Tip of the Week: Essential Excel Formulas to Know

Posted: August 31, 2022

Microsoft Excel is, putting it frankly, a hugely capable piece of software that can do more than most people would imagine—more than we could go over in a million blog posts. However, there are a few essential functions that Excel offers that business users are bound to find useful. Let’s go over these most essential functions so that you have them in your back pocket.

Before we do, however, we should review how these formulas can be used.

How to Use Excel Formulas

Once a cell is selected, you can either type your formula into the cell itself or into the formula bar found at the top of the sheet. One rule of thumb is that every formula will begin with an equals sign. From there, you can select or type in the coordinates of the cells and the appropriate operators to build out your needed formula. If used properly, these formulas can effectively automate your spreadsheets to update themselves as your data inputs change.

What follows are a few of the more common formulas that you might find use for in your operations.


This function gives you the total value of a selected range of cells, making it much easier to total up long lists of numbers for your reference. If, for instance, you had a list of numbers in Column C, starting at Row 3 and ending at Row 35, you’d type =SUM(C3:C35) to find the total, which would be displayed in the cell that you assigned the function to.


Similarly, =AVERAGE produces the average of the cells you list in the formula. For instance, =AVERAGE(A1,B2,C3) gives you the average of the values in cells A1, B2, and C3.


These functions allow you to round numbers up and down to the nearest multiple of significance that you dictate. For instance, let’s say you were applying =CEILING(D8, 5) when D8 was populated with 51.06. The cell the formula was applied to would be rounded up to 55. Likewise, =FLOOR(D8,5) would round down to 50.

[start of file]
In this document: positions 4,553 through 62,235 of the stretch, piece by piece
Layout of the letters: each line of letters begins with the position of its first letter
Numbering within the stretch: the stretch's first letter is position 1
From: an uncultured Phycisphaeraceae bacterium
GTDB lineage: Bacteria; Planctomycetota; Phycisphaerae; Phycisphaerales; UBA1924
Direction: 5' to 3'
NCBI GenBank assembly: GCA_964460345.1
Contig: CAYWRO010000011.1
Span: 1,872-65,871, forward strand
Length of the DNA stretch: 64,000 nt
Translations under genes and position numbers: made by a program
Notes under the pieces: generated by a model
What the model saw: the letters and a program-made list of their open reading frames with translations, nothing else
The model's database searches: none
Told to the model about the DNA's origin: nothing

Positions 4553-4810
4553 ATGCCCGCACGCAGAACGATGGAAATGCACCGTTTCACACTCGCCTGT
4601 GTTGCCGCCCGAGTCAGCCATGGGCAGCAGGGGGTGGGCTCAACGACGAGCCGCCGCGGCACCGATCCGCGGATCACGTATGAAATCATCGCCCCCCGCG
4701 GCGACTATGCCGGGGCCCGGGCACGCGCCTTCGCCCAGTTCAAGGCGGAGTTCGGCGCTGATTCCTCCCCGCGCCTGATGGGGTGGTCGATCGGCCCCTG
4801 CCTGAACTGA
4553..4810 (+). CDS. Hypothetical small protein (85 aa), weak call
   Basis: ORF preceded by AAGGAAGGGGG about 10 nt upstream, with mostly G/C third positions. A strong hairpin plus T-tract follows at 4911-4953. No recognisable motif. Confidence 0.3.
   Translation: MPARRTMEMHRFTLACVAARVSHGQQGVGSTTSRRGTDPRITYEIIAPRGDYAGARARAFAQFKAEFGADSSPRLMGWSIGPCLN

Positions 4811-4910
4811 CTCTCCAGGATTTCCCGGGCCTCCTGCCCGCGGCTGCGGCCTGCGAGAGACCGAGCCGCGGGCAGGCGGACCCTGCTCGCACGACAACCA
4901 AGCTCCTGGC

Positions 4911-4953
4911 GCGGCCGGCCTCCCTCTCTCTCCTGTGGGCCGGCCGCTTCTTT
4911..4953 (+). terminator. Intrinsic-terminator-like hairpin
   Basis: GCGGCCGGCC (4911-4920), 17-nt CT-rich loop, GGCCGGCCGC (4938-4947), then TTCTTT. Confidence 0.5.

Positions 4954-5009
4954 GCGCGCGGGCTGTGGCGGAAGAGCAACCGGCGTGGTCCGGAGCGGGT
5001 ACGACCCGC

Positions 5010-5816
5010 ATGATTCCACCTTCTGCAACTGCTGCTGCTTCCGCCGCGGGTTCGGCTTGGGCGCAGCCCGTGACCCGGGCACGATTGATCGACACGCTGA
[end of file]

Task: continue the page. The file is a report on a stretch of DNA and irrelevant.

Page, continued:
Of course, Excel can be used to keep track of text-based data as well. The =CONCATENATE function allows you to tie different text data together. So, if A1 read Comprehensive data backup and B1 read is a necessity for a modern business, the formula =CONCATENATE(A1, “ “, B1) would produce a cell that reads Comprehensive data backup is a necessity for a modern business. Alternatively, you can accomplish the same thing with =CONCATENATE(A1&” “&B1).


Entering this into a cell will present the current system date and time, allowing you to keep track of when data was entered.

=TODAY(), et alia.

Similarly, there are numerous functions that provide data based on what the computer indicates:

  • =TODAY() provides the current date
  • =DAY(TODAY()) provides the current day of the month
  • =MONTH(TODAY()) provides the month, represented as a number between 1 and 12 

=TIME, et alia.

Likewise, there are various functions that allow you to track the time that data has been input into Excel.

  • =TIME() allows you to put in the time, formatted as a serial number in the hours, minutes, and seconds, that will be converted into a typical time format. For instance, =TIME(18,28,45) would display as 6:28 PM.
  • =HOUR(NOW()) generates the current hour as a value between 0 and 23 (12 AM to 11 PM).
  • =MINUTE(NOW()) generates the current minute as a value between 0 to 59.
  • =SECOND(NOW()) generates the current second as a value between 0 to 59.


These functions, short for vertical lookup and horizontal lookup, allow you to seek out specific values in one column or row within a table and kick back data associated with that value. For instance, you could create a table that outlined your top selling products or services, the gross sales of each, the total cost to you each brings, the employee responsible for selling the most, and the employee responsible for selling the least. Using =VLOOKUP() or =HLOOKUP(), you can select data to reference.

Using the above example, you could use =VLOOKUP() or =HLOOKUP() to identify the relationship between different data points.


The IF() function can be used to get an idea of whether a condition is true or false as it pertains to your data. So, if you wanted to determine if you had reached your operating threshold, you could put in =IF(D6>5,000,”Yes”,”No”) with your current revenue in D6. This can help give you an easier means of gathering information at a glance—particularly on a busy spreadsheet.


Finally, there are times when you just need to take a tally or a sum from a massive dataset. =COUNTIF and =SUMIF make it a lot easier to do so.

  • =COUNTIF() allows you to take a tally of all cells that match the conditions you set. You select the range you want to examine and identify the condition you want to meet. For example, if you wanted to tally up the number of customers you had in certain cities, you could put in =COUNTIF(A1:A100, “Smallville”) to get your answer.
  • =SUMIF() does the same thing, except instead of counting up the number of instances of a certain input, it adds the cells up. To continue our example, you could use =SUMIF(A1:A:100,”Smallville”, E:E).

This Is a Tiny Portion of What Excel is Capable of

What are some of your favorite or most-used Excel functions? Let us know in the comments, or ask us if there are any ways to do certain things you need Excel to do!

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